Pternistis afer (Red-necked spurfowl, Red-necked francolin) 

[= Francolinus afer
Rooikeelfisant [Afrikaans]; Inkwali [Xhosa]; iNkwali [Zulu]; Sigwali [Kwangali]; Gorwe, Hwari [Shona]; Makokwe, N'hwarimakokwe, N'warimakokwe [Tsonga]; Roodkeelfrankolijn [Dutch]; Francolin gorge rouge [French]; Nacktkehlfrankolin, Rotkehlfrankolin [German]; Francolim-de-gola-vermelha [Portuguese]

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Pternistis afer (Red-necked spurfowl, Red-necked francolin)   

Red-necked spurfowl male. [photo Jessica P. Opfer ]

 

Identification

The only spurfowl in southern Africa with red bill, red around the eyes, red throat and red legs. Swainson's spurfowl is similar in that it has red around the eyes and red throat but differs in having a black bill and blackish-brownish legs. The black streaking on the flanks against a silvery/grey/white background is also distinctive. This is a wide-ranging species with extensive variation in plumage patterning and colouration but the distinguishing characters mentioned above hold for all forms.

Male and female plumage similar. The male can be distinguished by have 1-2 long, sharp leg spurs.

Distribution and habitat

Occurs from Grootvadersbos (east of Swellendam in the Western Cape), up through the Eastern Cape, inland regions of KwaZulu-Natal, Mpumalanga, southern Limpopo Province, Mozambique and eastern Zimbabwe. Beyond southern Africa it occurs in parts of East Africa, Central Africa and over most of Angola. Found where there is dense cover such as along forest and river edges.

Distribution of Red-necked spurfowl in southern Africa, based on statistical smoothing of the records from first SA Bird Atlas Project ( Animal Demography unit, University of Cape Town; smoothing by Birgit Erni and Francesca Little). Colours range from dark blue (most common) through to yellow (least common). See here for the latest distribution from the SABAP2.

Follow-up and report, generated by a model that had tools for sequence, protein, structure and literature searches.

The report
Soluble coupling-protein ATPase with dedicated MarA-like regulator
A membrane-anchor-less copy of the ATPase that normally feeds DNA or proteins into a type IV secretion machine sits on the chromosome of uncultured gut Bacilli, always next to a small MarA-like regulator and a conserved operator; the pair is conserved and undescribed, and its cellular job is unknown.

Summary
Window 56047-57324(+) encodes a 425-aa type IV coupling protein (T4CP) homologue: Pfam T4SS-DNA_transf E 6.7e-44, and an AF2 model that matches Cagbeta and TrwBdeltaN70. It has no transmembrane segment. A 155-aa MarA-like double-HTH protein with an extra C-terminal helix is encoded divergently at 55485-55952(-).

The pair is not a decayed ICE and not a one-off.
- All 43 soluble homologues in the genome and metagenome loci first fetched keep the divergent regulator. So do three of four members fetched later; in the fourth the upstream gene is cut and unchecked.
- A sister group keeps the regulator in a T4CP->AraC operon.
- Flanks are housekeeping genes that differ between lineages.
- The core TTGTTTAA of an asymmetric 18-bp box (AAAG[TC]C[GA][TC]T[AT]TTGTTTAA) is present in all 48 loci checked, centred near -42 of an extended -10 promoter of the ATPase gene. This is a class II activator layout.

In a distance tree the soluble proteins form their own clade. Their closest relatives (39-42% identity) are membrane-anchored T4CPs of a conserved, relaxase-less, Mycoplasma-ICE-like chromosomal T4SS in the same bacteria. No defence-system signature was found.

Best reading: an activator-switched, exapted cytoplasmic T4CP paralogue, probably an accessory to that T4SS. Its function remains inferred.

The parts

Call

 
   

Recorded by June Stannard, Uitenhage, South Africa 1957, [ Transvaal Museum]

 

Predators and parasites

No records but would be vulnerable to birds-of-prey and small mammalian carnivores. Blood and nematode parasites have been found in other francolin species. 

Food

Mainly eats invertebrates in summer and plant matter in winter, doing most of its foraging by digging and gleaning in the early morning and evening. The following food items have been recorded in its diet:

  • Invertebrates
  • Plants
    • small tubers
    • bulbs
    • roots
    • seeds
    • fruit
    • commercial grains
      • maize
      • sorghum
      • cereals

Breeding

  • Nest a scrape in the ground, lined with grass and a few feathers, and hidden among vegetation.
  • Breeding season (laying dates): variable, depending on rainfall but mainly November to April.
  • After laying 3-9 eggs, the female incubates them for about 23 days before they hatch.
  • Young are almost fully grown by 3-4 months.

References

  • Hockey PAR, Dean WRJ and Ryan PG (eds) 2005. Roberts - Birds of southern Africa, VIIth ed. The Trustees of the John Voelcker Bird Book Fund, Cape Town. 
  • Sinclair, I, Hockey, P. and Tarboton, W. 2002. Sasol Birds of Southern Africa. 3rd edition. Struik, Cape Town.

Text by Hamish Robertson

 

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